Across town, Stefan is planning another garden on a smaller scale. Vulnerable Children’s partner Hope for Children in Ethiopia runs an effective retraining program for young girls who want to escape the sex trade and start new careers. The ten girls live in a group home, and the plan is to work with the girls to build container and vertical gardens within the courtyard. The gardens will be managed by the teen girls, empowering them to provide some of their own food, be less income reliant, and enrich their cooking skills for working in restaurants.
We hope you will follow along with Stefan’s adventures over the next few months, and see our cooperative urban gardening projects grow.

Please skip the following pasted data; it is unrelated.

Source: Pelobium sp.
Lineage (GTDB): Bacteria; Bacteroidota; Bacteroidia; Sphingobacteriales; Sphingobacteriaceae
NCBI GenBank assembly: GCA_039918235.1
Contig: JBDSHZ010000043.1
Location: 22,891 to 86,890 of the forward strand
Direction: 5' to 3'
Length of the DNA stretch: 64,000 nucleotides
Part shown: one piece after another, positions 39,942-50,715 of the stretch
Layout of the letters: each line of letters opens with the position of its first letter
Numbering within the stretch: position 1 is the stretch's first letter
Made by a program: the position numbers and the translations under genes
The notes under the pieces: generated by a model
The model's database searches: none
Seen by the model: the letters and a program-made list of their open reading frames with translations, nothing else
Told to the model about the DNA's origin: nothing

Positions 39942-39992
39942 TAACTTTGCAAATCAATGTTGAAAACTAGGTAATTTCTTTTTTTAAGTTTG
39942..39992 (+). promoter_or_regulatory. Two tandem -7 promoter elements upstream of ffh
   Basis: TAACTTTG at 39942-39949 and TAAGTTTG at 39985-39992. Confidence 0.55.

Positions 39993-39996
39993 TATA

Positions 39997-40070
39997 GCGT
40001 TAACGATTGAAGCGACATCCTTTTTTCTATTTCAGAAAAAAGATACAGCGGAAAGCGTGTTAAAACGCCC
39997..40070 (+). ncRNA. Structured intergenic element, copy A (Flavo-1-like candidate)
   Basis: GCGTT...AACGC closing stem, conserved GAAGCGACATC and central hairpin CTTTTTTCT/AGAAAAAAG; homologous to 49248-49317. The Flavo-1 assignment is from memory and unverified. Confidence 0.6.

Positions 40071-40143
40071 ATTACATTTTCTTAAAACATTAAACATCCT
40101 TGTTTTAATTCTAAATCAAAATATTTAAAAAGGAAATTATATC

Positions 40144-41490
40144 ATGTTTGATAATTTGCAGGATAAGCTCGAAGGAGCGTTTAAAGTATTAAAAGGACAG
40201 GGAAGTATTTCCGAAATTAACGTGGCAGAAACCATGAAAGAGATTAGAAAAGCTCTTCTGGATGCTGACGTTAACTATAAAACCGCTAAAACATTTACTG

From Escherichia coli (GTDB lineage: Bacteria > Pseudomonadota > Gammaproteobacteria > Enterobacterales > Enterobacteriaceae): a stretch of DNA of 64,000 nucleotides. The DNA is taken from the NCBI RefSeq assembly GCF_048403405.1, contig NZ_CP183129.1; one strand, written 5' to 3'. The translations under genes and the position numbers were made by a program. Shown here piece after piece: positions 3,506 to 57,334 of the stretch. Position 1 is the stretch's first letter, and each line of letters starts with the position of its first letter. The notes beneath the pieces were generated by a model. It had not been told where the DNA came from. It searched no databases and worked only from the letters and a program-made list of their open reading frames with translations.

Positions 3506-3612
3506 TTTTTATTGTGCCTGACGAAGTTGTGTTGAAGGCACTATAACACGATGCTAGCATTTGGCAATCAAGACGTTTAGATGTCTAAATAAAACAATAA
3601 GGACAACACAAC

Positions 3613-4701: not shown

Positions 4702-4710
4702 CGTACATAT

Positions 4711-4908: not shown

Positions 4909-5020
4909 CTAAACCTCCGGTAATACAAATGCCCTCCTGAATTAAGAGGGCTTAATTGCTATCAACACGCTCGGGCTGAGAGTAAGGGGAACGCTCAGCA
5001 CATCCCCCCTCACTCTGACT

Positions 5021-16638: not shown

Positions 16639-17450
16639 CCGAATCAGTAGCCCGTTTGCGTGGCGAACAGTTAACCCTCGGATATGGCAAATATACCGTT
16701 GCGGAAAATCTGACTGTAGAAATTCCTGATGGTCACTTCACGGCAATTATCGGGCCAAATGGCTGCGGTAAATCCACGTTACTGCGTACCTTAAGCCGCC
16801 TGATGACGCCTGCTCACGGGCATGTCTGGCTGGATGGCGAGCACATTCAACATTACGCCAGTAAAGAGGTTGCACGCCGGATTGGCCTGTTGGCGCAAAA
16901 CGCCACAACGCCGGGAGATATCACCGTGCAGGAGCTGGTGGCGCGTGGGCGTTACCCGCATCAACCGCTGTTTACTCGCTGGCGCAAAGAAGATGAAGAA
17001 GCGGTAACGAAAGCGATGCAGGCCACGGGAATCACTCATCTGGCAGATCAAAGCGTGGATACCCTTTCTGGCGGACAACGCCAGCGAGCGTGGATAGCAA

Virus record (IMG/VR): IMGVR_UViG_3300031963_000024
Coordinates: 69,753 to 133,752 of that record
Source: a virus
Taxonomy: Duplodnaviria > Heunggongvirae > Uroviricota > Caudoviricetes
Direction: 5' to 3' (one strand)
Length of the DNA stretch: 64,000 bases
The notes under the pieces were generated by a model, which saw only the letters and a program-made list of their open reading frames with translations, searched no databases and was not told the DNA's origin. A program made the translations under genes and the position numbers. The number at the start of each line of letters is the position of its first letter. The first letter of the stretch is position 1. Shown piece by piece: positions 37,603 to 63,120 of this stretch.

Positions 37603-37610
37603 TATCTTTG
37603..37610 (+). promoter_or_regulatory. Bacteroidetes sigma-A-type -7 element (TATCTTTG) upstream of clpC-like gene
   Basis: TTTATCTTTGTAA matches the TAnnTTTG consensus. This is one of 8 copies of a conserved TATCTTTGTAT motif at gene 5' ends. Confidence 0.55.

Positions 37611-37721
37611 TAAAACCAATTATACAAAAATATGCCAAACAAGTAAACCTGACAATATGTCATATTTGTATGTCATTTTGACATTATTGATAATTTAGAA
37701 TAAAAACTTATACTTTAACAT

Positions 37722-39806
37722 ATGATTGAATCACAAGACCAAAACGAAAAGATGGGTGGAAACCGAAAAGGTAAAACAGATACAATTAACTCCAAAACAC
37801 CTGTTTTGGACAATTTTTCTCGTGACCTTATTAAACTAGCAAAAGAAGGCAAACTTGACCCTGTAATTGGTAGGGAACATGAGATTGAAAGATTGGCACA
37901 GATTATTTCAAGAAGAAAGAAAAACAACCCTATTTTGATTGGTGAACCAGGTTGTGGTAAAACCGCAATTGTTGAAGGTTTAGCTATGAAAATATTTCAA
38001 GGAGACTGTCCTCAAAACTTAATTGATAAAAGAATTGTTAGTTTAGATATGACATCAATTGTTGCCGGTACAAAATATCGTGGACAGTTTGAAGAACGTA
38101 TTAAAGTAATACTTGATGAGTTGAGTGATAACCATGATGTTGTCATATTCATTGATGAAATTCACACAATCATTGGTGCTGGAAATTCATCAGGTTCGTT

This nourishing project is financed by Vulnerable Children Society’s General Project Fund. If you would like to contribute, please donate here.
My daughters and I had fun shopping for some very special teen girls on Saturday. Tawnya is leaving for Ethiopia next week to check in on our projects, and is visiting the ten girls in our Teenage Sex Trade Worker Retraining Program in Addis Ababa.
The girls in Addis are currently getting training in hair dressing, and we thought they could use some tool! But also, we just wanted to let the girls know how much we care for them. Many of these girls have been rejected by their families, and have very low self esteem. It’s important that they know we are sending love, as well as money for their program.
I’m sure Tawnya will have a blast sharing these gift bags with the girls. If you would like to light up the lives of 10 more girls next year, we are currently fundraising to support another cohort of girls that would like to escape the sex trade. Please consider donating 🙂